Settlement (historic) Neighborhood (current)
The Ninth Street Historic Park in Denver, Colorado
|Etymology: Auraria, Georgia|
|Country||United States of America|
|Founded by||William Greeneberry Russell|
Auraria was a small mining settlement in the Kansas Territory in the United States. Today it survives in its original location as a neighborhood of Denver, Colorado, south of the confluence of Cherry Creek and the South Platte River.
Auraria is located in central Denver. It is just west of downtown Denver and is shaped roughly like a triangle. It borders Colfax Avenue on the south, Cherry Creek to the northeast, and South Platte River to the northwest.
On October 3, 1858, a group of Georgia prospectors led by Green Russell establish the townsite of Auraria south of Cherry Creek near the Cherry Creek Diggings, over a month before a group of Kansas Territory speculators led by William Larimer established the rival Denver City on the other side of Cherry Creek. The town was named for the gold mining settlement of Auraria, Georgia. On October 29, Charles H. Blake and A.J. Williams opened a mercantile business out of wagons in Auraria.
On January 18, 1859, the first post office in the future State of Colorado opened in Auraria. On, April 15, 1859, ten delegates from six communities in the Pike's Peak Country met in convention at Dick Wooton’s store in Auraria to pass resolutions to organize a Provisional State of Jefferson. On April 23, William Byers published the first edition of the Rocky Mountain News, the Rocky Mountain region's first newspaper, at Auraria. At an election on September 24, voters rejected the proposed state, but on October 24, voters approved the establishment of the Provisional Government of the Territory of Jefferson.
Auraria ceased to exist as a separate town on December 3, 1859, when the Jefferson Territory granted a charter to the consolidated City of Denver, Auraria, and Highland, which would come to be known as just Denver City, the territorial capital and seat of Arrappahoe County. The Jefferson Territory was itself superseded on February 28, 1861, when U.S. President James Buchanan signed An Act to provide a temporary Government for the Territory of Colorado.
Auraria suffered a devastating flood on May 19, 1864. In response, many businesses left the neighborhood for Denver proper. Some speculate that Auraria never truly recovered from this event.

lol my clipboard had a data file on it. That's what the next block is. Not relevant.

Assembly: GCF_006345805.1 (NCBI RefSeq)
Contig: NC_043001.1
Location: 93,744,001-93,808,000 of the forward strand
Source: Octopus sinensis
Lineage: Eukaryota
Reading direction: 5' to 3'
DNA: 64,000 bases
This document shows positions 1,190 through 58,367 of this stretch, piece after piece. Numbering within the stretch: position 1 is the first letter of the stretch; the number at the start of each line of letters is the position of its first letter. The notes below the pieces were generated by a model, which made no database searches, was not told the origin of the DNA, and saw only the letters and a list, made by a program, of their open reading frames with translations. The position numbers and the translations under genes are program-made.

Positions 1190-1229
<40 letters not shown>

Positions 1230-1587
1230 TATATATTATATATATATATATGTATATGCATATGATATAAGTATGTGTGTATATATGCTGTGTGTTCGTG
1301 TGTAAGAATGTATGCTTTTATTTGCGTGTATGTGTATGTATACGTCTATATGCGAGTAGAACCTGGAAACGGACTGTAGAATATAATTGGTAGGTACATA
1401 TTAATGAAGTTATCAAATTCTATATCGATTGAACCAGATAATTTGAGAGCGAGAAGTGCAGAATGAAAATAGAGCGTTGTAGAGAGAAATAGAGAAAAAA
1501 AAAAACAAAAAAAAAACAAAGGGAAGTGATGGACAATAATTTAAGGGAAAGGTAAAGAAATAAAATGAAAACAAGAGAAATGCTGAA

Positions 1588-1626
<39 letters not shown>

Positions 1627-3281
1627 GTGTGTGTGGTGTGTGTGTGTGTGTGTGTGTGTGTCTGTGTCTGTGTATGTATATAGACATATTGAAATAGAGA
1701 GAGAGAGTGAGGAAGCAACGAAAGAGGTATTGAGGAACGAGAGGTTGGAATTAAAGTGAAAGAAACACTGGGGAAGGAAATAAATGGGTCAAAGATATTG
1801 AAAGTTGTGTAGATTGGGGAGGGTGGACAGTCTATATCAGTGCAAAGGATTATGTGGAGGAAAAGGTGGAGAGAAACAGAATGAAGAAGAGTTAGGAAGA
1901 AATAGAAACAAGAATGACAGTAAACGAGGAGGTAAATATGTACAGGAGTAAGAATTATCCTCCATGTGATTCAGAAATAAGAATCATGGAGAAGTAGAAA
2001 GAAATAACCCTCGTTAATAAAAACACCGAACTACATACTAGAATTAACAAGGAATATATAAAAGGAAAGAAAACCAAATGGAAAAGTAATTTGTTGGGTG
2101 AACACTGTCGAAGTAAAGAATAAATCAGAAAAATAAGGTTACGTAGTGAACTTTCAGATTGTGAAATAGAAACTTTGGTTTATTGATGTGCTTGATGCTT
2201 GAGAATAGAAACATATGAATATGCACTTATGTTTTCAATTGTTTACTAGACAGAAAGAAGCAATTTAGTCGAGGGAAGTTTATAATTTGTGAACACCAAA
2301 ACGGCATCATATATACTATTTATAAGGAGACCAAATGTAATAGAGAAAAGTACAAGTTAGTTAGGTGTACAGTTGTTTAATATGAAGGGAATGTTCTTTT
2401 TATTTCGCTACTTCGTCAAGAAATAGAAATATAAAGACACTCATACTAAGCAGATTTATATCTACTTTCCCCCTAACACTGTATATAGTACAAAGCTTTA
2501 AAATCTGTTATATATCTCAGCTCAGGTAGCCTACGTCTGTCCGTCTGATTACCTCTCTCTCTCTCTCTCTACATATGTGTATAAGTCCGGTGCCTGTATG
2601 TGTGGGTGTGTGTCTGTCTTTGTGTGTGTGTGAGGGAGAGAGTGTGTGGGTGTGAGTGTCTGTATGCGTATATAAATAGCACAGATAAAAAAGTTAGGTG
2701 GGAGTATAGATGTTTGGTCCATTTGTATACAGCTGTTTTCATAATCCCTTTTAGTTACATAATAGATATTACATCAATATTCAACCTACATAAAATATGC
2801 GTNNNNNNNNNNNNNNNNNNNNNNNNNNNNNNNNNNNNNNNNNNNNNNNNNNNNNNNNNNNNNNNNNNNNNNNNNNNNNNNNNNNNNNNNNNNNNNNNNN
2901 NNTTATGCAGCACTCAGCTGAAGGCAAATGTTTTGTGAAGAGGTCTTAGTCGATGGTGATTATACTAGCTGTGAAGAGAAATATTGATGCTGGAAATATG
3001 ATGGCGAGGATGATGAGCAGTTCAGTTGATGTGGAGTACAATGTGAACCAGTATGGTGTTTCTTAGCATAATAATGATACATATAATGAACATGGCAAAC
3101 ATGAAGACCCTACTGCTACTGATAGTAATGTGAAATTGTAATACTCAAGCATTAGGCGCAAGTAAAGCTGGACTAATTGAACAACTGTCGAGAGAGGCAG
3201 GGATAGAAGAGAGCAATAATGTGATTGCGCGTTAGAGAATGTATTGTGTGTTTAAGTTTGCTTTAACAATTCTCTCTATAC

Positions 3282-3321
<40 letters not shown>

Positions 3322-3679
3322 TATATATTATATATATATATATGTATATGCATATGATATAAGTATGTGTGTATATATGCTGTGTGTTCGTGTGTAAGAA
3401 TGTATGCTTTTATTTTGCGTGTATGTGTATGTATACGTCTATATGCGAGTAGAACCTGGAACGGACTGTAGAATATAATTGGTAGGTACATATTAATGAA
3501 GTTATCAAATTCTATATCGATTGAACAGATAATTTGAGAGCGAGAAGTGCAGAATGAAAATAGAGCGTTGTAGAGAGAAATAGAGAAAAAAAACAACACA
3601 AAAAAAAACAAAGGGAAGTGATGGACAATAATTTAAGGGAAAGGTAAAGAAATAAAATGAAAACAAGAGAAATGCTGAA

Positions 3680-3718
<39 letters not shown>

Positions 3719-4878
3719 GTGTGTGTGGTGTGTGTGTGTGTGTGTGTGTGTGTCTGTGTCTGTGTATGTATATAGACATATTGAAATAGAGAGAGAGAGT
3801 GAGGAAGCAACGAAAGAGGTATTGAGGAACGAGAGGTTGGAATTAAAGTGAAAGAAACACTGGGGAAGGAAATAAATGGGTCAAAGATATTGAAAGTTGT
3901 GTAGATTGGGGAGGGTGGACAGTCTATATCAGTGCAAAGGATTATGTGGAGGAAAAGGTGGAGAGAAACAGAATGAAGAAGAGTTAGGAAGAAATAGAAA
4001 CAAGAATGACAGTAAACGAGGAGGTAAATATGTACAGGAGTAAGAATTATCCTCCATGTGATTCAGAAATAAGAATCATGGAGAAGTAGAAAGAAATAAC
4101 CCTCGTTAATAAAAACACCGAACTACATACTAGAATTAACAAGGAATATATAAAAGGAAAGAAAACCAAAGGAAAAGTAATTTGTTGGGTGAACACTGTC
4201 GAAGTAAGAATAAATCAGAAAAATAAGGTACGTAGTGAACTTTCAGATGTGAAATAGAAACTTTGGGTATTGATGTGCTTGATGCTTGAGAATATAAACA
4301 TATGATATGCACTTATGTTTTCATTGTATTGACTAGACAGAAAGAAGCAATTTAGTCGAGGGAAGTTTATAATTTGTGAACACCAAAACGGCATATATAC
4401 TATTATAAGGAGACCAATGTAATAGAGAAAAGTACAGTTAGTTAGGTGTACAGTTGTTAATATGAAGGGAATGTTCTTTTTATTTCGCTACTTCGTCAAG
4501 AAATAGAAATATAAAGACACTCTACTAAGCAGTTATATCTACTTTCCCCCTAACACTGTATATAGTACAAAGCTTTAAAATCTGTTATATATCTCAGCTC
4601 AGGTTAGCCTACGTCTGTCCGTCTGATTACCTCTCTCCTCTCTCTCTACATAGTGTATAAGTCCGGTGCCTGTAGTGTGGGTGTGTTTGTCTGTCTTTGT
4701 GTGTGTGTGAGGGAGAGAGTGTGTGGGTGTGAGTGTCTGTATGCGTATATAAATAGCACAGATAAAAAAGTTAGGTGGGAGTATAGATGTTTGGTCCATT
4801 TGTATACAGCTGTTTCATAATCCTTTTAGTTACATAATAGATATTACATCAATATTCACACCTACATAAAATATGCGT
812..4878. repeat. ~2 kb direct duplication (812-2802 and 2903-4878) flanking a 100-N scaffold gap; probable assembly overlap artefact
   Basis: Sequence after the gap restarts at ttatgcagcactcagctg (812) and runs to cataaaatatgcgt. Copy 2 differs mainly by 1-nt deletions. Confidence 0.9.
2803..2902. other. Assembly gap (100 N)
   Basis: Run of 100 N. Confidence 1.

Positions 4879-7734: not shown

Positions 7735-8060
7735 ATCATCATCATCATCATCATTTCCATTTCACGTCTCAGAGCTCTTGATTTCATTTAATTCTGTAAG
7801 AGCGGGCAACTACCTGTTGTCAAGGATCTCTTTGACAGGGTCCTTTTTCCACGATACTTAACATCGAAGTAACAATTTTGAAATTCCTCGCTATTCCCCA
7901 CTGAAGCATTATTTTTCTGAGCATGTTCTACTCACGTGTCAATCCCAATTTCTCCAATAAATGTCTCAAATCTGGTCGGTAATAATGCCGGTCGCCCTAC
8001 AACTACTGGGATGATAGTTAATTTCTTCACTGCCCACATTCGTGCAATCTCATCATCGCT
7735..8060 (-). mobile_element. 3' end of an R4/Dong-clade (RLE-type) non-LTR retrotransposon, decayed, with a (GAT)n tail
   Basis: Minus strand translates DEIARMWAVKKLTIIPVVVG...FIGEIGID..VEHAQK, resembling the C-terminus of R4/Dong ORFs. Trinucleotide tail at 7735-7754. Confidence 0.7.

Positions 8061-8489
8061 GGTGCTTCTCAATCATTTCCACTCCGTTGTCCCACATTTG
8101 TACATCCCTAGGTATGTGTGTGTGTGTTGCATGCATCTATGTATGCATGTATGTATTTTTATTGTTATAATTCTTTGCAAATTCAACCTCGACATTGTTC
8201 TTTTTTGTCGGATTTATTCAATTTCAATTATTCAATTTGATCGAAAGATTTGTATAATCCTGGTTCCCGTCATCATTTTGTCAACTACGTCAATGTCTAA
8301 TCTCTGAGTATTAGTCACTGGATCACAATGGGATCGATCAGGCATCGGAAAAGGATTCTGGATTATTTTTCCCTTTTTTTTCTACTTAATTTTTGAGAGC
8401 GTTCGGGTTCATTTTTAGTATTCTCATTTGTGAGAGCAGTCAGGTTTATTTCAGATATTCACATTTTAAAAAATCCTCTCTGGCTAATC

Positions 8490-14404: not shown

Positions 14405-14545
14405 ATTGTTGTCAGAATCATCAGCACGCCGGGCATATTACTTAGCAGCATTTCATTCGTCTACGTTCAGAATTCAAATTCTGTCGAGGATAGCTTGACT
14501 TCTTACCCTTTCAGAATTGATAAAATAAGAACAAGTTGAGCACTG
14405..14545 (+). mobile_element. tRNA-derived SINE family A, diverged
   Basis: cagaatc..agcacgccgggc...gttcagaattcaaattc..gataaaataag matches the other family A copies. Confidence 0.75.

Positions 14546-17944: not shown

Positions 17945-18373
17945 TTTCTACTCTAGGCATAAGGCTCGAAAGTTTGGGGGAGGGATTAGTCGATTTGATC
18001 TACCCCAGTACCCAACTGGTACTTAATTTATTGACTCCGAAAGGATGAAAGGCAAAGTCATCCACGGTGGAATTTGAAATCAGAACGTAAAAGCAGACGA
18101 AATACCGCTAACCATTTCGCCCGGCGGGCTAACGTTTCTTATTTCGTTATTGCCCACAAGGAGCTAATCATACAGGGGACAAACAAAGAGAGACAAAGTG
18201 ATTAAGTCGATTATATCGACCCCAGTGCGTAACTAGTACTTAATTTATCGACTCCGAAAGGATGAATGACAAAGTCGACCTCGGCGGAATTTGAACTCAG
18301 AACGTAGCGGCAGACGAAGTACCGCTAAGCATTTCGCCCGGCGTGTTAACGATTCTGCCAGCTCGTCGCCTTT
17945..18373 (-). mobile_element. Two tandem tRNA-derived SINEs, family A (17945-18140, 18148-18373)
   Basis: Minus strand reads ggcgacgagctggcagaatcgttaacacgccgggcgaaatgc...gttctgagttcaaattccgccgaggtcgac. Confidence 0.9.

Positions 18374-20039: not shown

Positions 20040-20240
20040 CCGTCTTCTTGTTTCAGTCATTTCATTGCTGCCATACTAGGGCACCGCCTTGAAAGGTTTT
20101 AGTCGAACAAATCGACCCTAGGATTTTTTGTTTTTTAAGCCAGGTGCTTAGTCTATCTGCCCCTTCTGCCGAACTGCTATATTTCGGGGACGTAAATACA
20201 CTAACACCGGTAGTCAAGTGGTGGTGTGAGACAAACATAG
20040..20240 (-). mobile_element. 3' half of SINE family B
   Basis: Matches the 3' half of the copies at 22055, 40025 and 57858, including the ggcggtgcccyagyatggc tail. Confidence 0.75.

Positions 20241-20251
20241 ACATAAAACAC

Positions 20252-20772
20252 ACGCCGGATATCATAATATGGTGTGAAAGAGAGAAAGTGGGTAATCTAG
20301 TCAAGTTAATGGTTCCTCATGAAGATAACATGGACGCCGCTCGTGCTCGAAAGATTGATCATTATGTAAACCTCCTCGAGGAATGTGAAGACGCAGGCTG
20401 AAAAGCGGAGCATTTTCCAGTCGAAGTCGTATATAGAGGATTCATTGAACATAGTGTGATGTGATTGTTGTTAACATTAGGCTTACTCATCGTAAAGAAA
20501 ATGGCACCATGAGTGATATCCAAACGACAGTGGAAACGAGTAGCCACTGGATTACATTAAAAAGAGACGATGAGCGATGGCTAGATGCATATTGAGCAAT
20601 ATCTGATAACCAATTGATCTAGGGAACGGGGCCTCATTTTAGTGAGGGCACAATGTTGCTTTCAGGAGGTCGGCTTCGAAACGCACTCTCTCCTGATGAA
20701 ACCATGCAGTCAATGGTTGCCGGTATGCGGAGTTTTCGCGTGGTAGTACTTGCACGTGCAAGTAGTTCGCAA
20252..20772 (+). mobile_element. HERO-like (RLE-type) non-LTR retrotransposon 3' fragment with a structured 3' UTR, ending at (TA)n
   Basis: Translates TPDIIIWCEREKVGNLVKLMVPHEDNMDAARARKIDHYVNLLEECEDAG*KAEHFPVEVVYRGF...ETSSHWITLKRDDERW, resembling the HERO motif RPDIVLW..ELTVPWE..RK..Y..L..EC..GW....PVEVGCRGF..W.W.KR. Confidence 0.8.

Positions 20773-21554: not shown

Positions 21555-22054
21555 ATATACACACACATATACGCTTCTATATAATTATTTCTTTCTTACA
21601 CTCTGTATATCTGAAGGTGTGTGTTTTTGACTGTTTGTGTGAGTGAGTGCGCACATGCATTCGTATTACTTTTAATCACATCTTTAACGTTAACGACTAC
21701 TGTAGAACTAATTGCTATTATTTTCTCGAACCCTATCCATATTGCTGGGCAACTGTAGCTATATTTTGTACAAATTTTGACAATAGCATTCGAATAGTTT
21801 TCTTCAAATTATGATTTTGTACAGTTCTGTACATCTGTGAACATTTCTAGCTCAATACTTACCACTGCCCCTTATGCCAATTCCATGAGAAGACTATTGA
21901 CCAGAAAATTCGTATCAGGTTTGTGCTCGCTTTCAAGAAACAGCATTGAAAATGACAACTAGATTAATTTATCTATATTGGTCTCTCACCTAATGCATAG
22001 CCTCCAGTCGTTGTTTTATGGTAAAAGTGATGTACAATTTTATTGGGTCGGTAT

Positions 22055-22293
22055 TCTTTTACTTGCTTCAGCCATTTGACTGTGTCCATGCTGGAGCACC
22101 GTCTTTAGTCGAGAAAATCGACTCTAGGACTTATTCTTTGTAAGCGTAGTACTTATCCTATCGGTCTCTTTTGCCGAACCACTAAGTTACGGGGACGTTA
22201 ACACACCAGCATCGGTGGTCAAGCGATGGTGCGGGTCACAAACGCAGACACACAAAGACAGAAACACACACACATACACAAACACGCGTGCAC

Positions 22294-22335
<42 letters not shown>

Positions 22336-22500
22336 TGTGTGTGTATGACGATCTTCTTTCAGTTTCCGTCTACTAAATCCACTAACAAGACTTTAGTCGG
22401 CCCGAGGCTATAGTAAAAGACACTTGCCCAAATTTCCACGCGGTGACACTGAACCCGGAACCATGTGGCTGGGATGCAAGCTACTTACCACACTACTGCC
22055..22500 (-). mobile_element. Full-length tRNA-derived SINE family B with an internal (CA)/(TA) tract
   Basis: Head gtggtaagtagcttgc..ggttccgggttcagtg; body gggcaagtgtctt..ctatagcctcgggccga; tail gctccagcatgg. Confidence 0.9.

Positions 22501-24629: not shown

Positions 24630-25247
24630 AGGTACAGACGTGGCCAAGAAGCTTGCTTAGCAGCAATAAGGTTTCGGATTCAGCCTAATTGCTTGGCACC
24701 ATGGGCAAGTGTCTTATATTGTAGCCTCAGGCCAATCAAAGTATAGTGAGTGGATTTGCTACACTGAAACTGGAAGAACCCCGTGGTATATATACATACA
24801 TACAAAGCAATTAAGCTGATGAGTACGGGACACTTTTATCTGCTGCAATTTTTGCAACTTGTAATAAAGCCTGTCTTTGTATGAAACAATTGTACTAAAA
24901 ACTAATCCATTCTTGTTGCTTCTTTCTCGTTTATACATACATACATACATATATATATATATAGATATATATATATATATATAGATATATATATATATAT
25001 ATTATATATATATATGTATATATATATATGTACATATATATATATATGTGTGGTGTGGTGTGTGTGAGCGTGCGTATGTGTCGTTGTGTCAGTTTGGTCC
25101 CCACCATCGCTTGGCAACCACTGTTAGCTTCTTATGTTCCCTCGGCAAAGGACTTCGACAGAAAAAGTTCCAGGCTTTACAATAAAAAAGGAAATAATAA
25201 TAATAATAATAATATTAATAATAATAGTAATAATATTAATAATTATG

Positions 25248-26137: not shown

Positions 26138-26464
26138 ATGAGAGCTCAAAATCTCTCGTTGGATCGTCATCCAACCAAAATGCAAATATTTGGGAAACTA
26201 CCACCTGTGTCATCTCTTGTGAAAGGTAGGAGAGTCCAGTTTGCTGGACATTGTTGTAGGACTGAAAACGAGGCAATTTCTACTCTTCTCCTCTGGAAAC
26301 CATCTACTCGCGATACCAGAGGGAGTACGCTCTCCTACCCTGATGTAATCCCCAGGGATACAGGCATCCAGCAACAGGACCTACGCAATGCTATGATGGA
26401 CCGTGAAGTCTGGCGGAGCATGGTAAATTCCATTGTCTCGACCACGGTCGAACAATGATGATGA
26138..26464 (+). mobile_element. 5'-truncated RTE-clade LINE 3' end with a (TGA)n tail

In the 1960s and 1970s, Auraria became the focal point for urban renewal in Denver. It was decided that the neighborhood would be converted to a campus to house the University of Colorado Denver, Metropolitan State University, and the Community College of Denver. Demolition of old Auraria began on March 10, 1973. A few buildings from old Auraria are still standing today.
The name "Auraria" survives in Denver as the neighborhood along the west bank of Cherry Creek to the east bank of the South Platte River, bordered on the south by Colfax Avenue. Auraria is easily confused with, but is entirely distinct from the City of Aurora, Denver's neighbor some six miles to the east.
Arts and culture
- Elitch Gardens
- Auraria Campus
- Ninth Street Historic Park
- Emmanuel Shearith Israel Chapel - Denver's oldest church building
- Tivoli Student Union
- St. Cajetan’s Church - Historic Hispanic church
- St. Elizabeth's Church - Only active church on the Auraria campus
- Auraria Library
- Ball Arena
The neighborhood of Auraria is dominated by the Auraria Campus, which is home to three institutions of higher learning: University of Colorado Denver (CU Denver), Metropolitan State University of Denver (MSU Denver), and Community College of Denver (CCD). Vestiges of the old neighborhood remain, however, in the Ninth Street Historic Park on the campus. The three institutions occupy the bulk of the Auraria Neighborhood, so there is very little permanent residence. The schools mainly serve commuter students, though housing has recently been developed at Campus Village Apartments (UCD), Auraria Student Lofts, and Regency Student Housing.
There are two student newspapers that are published in Auraria. The University of Colorado Denver's newspaper is called the "CU Denver Sentry" and Metropolitan State University's newspaper is "Met Media".
- "Census Neighborhood Demographics (2010)". City of Denver.
- "An Inventory of the Records of the Auraria Town Company" (PDF). Colorado Historical Society. February 1993. Retrieved April 24, 2021.
- Summers, Jodi (2003). Auraria: From Neighborhood to Campus (PDF). Denver: University of Colorado at Denver. p. 32.
- Thirty-sixth United States Congress (February 28, 1861). "An Act To provide a temporary Government for the Territory of Colorado" (PDF). Retrieved November 16, 2020.
- Goodstein, Phil (2015). How the West Side Won: The History of West Denver. Denver: New Social Publications. p. 11. ISBN 978-0986074813.
- Goodstein (2015). How the West Side Won. p. 92.
- "My Met Media".
- "CU Denver Sentry".